Seven mistakes for Google to avoid in 2009

This year is either going to be an amazing year for tech or it will fall off a cliff like every other industry. I wrote about how Google has recently shut down some superfluous projects, a sign of some belt-tightening and probably not a major cause for concern. Yet, the reality is that every company needs to keep innovating even in a downturn because any of them could become another sad Circuit City horror story. (Unless you're Cisco and Apple with billions in the bank, that is.) This year, Google can shine even brighter, as long as they avoid these colossal mistakes. 1. Be incredibly selective with your PR. I know as a journalist for the past decade that a choice few companies (Apple) are very unresponsive when it comes to (Apple) PR. They rarely return requests, they only (Apple) let the three golden boys of tech review their products, and they can be a little coy. One of the best companies in dealing with the press, interestingly enough, is HP: they are prompt, courteous, and generally provide information and products for review as needed. Late in 2008, Google showed some signs of being more selective, and I think it worked against them. Everyone -- customers, analysts, journalists -- need to be fans of the company, not just the chosen elite. 2. Pull the plug on marginal projects. I remember when I talked to a Google PM who said Gmail was not wildly successful. At that time -- circa 2006 -- it was a pale shadow of Outlook. It has picked up steam, but no one would say that Gmail is an e-mail standard, especially in business. Some things take time to germinate, and I think Google should avoid the IBM mistake, which is testing the waters with a new product segment (e.g., Second Life) for a short time and then moving on to something else. 3. Talk a lot about green but never actually do anything. I realize that greentech has been almost put on hold industry-wide now that no one can get a loan to buy a coffee at Starbucks. I'd like to see the company really circle the wagons and become more than just a sponsor for greentech, and not just a company that promotes it, but really becomes a risk taker. Go ahead and get most of your HQ powered by alternative energy, build a windfarm, install turbines in the ocean that power your data centers. You are known for your search algorithms, parlay that into something synonymous with green computing. 4. Make strange impromptu deals with companies like Yahoo and Microsoft. It's tempting, I'm sure. From a short distance away (say, across the street from your campus), these negotiations look like compromises. The average person thinks: okay, you are going to try and do an advertising deal with Yahoo, which is sort of like David going for a picnic with Goliath. Consumers want there to be a fight, they want Google to own search and defeat Yahoo and Microsoft. They play a part in that war every time they type instead of something else. 5. Make an awkward foray into the offline world. I read about how Google is going to use their advertising prowess in the television market. Big mistake. It means branching out into an area that you do not fully understand and using principles that only work online. It cheapens the brand by making it too broad and far-reaching. What will they do next? Fly a man to the moon? 6. Turn into an actual television network. You know this one is tempting as well, but people love YouTube for what it is: a place to watch viral videos. It's allure is immediate gratification. No one chooses to watch a two hour movie, and if they ever do, it is a onetime affair and never again. Just keep YouTube the same, with better quality. 7. Change your culture so it matches up better with the corporate dogma. Oh, this will kill you dead. Part of what makes Google such a great company is that they bend the rules: laundry services, free food, a hot tub on campus. This stuff costs money but builds the legacy. The worst mistake Google can make in 2009 is bleaching their culture, which reduces them to nothing but a search giant. And then, as a search giant, consumers will figure they might as well switch to a company that's cool. Dogpile anyone?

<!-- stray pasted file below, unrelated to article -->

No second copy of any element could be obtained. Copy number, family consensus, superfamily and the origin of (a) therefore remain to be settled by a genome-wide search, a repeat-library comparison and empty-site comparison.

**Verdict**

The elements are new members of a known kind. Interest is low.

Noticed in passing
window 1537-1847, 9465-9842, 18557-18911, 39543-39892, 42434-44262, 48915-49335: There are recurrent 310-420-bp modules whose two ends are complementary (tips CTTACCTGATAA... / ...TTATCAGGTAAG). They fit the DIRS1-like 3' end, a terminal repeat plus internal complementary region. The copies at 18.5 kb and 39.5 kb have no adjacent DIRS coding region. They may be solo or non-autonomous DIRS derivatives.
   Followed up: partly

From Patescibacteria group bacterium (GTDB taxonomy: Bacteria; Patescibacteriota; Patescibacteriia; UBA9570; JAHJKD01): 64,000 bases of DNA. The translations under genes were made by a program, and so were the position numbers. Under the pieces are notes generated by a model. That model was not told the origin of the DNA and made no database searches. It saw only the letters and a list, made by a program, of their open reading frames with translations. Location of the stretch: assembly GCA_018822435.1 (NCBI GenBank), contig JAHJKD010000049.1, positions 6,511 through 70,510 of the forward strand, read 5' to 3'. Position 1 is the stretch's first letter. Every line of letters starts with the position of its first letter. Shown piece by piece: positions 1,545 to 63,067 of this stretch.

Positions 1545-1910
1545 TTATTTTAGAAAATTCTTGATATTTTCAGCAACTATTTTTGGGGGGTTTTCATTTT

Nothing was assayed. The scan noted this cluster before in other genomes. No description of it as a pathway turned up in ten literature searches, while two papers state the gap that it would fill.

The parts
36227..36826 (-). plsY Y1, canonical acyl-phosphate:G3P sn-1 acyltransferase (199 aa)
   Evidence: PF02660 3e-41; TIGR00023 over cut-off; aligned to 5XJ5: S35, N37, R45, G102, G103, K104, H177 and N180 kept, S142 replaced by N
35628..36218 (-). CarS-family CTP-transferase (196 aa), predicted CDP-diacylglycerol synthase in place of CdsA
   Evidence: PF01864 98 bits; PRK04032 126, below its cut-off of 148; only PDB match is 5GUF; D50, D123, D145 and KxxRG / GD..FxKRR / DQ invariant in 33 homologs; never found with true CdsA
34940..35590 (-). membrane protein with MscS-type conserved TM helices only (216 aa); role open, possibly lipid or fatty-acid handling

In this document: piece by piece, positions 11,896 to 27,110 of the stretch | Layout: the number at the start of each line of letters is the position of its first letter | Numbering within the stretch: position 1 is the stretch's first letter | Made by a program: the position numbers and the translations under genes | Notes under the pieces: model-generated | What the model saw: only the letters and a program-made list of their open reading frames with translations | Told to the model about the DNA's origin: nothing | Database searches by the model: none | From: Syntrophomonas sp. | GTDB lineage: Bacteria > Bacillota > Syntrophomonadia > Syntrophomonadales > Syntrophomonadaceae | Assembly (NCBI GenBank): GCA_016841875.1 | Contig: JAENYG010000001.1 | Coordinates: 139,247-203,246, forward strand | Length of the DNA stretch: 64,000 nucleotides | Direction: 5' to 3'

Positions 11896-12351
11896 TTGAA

Copyright © 2009 IDG Communications, Inc.

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